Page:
b. There is no fantasy element so children can focus on reality.

c. The game symbolizes perils of childhood and the need for balance while providing opportunities for mastery.

d. It is an easy game with few opportunities for failure.

74. What is one implication of the fact that girls and boys tend to form same-sex friendship groups?

a. Girls never experience leadership among friends.

b. Girls and boys develop distinct peer-communication patterns.

c. Boys learn to be better listeners and acquire valued skills for building group consensus.

d. Girls and boys lack gender identity so there are no same-sex friendships formed.

75. Children are likely to seek others of the same sex as play companions because __________.

a. they believe these children will be kinder to them

b. they believe these children will provide diverse mental representations of possible activities

c. parents guide them into same-sex play groups

d. they believe these other children will have the same play preferences they have

76. Boys and girls tend to use different strategies to achieve ________ in their same-sex friendship groups.

a. dominance

b. self-efficacy

c. continuity

d. sensorimotor equilibrium

77. Which of the following is true about the groups girls and boys prefer during early school age?

a. Girls prefer two-person groups, while boys prefer larger groups.

b. Boys prefer two-person groups, while girls prefer larger groups.

c. Girls prefer mixed-sex groups while boys prefer same-sex groups.

d. Boys prefer mixed-sex groups while girls prefer same-sex groups.

78. What is the psychosocial crisis of early school age?

a. trust versus mistrust

b. autonomy versus shame and doubt

c. industry versus inferiority

d. initiative versus guilt

79. Young children often ask questions about why things are as they are, how things began, and what will happen in the future. This is a sign of ________________.

a. initiative

b. trust

c. autonomy

d. creativity

80. Holger is 6 years old. He had a tooth pulled this afternoon. His mother just tucked him into bed promising him that the tooth fairy would be coming for the tooth while he slept. Holger puts pillows under his blanket and moves into the closet so he can see the tooth fairy take his tooth. This is an example of ____________.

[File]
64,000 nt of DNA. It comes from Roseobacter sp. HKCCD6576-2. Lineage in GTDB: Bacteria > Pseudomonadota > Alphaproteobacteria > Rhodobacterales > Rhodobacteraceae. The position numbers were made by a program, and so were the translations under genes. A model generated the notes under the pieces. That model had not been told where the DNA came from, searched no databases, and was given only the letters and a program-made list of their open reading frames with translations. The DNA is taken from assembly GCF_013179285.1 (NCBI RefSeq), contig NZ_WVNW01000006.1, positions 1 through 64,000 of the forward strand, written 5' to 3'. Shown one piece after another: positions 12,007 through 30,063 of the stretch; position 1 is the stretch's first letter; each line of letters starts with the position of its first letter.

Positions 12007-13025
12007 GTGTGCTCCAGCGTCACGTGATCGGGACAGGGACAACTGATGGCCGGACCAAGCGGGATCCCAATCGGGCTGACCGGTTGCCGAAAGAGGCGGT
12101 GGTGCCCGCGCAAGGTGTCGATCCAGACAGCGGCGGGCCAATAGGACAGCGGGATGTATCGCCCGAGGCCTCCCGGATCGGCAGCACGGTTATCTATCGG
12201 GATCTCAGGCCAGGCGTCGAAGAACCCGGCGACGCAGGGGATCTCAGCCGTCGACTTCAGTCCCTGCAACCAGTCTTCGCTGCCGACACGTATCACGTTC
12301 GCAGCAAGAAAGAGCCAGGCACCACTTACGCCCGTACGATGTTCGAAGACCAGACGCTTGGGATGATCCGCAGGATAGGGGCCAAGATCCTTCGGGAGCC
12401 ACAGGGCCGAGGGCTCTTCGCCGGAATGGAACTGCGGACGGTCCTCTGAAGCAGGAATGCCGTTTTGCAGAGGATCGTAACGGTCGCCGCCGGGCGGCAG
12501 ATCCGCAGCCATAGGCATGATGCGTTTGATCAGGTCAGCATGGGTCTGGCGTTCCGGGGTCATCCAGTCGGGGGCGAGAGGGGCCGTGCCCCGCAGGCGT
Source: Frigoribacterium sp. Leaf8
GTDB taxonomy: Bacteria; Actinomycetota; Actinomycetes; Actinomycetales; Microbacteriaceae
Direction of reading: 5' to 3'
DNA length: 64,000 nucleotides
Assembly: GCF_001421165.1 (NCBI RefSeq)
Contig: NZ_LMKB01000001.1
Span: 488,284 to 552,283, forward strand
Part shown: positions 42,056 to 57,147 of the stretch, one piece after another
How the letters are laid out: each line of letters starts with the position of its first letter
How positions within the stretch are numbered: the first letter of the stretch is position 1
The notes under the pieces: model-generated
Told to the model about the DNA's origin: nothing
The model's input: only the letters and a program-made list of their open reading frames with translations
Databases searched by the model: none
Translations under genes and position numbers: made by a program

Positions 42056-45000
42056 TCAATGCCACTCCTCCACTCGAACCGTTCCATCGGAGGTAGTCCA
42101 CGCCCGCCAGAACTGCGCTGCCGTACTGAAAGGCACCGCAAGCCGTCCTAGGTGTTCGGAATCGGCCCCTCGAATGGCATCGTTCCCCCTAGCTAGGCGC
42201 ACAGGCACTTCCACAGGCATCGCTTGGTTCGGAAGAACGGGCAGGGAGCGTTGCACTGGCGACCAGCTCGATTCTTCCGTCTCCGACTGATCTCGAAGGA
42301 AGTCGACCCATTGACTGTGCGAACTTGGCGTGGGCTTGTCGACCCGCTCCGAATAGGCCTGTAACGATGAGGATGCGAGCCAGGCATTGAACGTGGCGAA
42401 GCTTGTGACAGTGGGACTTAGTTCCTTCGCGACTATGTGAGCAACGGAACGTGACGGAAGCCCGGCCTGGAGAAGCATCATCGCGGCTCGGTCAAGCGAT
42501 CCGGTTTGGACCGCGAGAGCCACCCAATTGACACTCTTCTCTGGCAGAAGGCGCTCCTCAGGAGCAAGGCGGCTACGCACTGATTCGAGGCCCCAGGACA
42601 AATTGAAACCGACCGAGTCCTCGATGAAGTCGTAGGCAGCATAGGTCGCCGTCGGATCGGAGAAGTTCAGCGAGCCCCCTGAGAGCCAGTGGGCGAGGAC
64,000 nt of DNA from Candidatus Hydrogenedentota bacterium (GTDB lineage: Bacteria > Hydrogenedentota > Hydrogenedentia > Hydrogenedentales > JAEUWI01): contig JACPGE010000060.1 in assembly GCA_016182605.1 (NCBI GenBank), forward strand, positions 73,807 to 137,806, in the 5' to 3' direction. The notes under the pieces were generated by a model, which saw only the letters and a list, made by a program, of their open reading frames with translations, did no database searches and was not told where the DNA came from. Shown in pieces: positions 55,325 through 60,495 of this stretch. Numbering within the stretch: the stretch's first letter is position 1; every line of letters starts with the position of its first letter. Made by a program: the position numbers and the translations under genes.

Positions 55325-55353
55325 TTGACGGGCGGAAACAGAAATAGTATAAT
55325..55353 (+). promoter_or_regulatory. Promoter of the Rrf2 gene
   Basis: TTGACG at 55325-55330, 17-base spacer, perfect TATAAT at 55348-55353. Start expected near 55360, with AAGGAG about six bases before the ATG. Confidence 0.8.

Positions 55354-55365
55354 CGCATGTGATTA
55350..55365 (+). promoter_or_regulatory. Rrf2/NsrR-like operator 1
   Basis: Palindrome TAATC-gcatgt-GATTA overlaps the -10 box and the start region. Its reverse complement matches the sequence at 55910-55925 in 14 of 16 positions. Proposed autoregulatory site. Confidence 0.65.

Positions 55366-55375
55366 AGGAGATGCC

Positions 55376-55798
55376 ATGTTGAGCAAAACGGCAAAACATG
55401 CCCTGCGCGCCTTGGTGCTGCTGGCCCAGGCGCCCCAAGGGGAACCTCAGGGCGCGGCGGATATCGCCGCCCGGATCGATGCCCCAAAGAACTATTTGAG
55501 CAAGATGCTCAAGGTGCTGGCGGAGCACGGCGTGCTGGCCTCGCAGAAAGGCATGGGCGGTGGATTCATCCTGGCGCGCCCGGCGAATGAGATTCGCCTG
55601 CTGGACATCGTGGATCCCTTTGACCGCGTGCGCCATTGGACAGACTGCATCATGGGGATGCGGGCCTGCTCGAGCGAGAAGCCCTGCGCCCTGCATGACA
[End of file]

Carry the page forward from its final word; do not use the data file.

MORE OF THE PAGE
a. mistrust

b. initiative

c. contextual dissonance

d. parental identification

Tags bank data busine general children groups boys girls prefer earlyschoolage play samesex tooth tend believe sense versus people peer school pretend friendships true failure like following group self game social gamesc worthc lack contextual

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Preview: members xx the xxxxxxxxxxx have a xxxxxx to enjoy xxx kinds xx xxxx they xxxx bestd all xx these D72 xxxxx of xxx xxxxxxxxx statements xx true about xxxxxxxxxxx during early xxxxxx age? x xxxxxxxx tend xx evaluate each xxxxx on the xxxxx of xxxxxxxxxx xxxxx are xxxxxxx seen as xxxxxxxx b Children xxxx to xxxx x rather xxxxx approach to xxxxxx of social xxxxxxxxxxxxxxx so xxxx xxxx play xx frequently disrupted xx quarrels, “tattling,” xxx hard xxxxxxxx xxxxx injustices x Children like xx let adults xxxxxx in” xx xxxx play xxxxxxxx so that xxxx can benefit xxxx the xxxxxxxxx xxxxxxxx play xxx problem solving x Children of xxxx age xxxxxx xxxxxxxxx play xxxxxx , B73 xxx is hopscotch xx popular xxxx xxxxxxxxxxxxxxxx children xx many cultures? x The game xxxxxxxx a xxxxx xx safety xxx security b xxxxx is no xxxxxxx element xx xxxxxxxx can xxxxx on reality x The game xxxxxxxxxx perils xx xxxxxxxxx and xxx need for xxxxxxx while providing xxxxxxxxxxxxx.....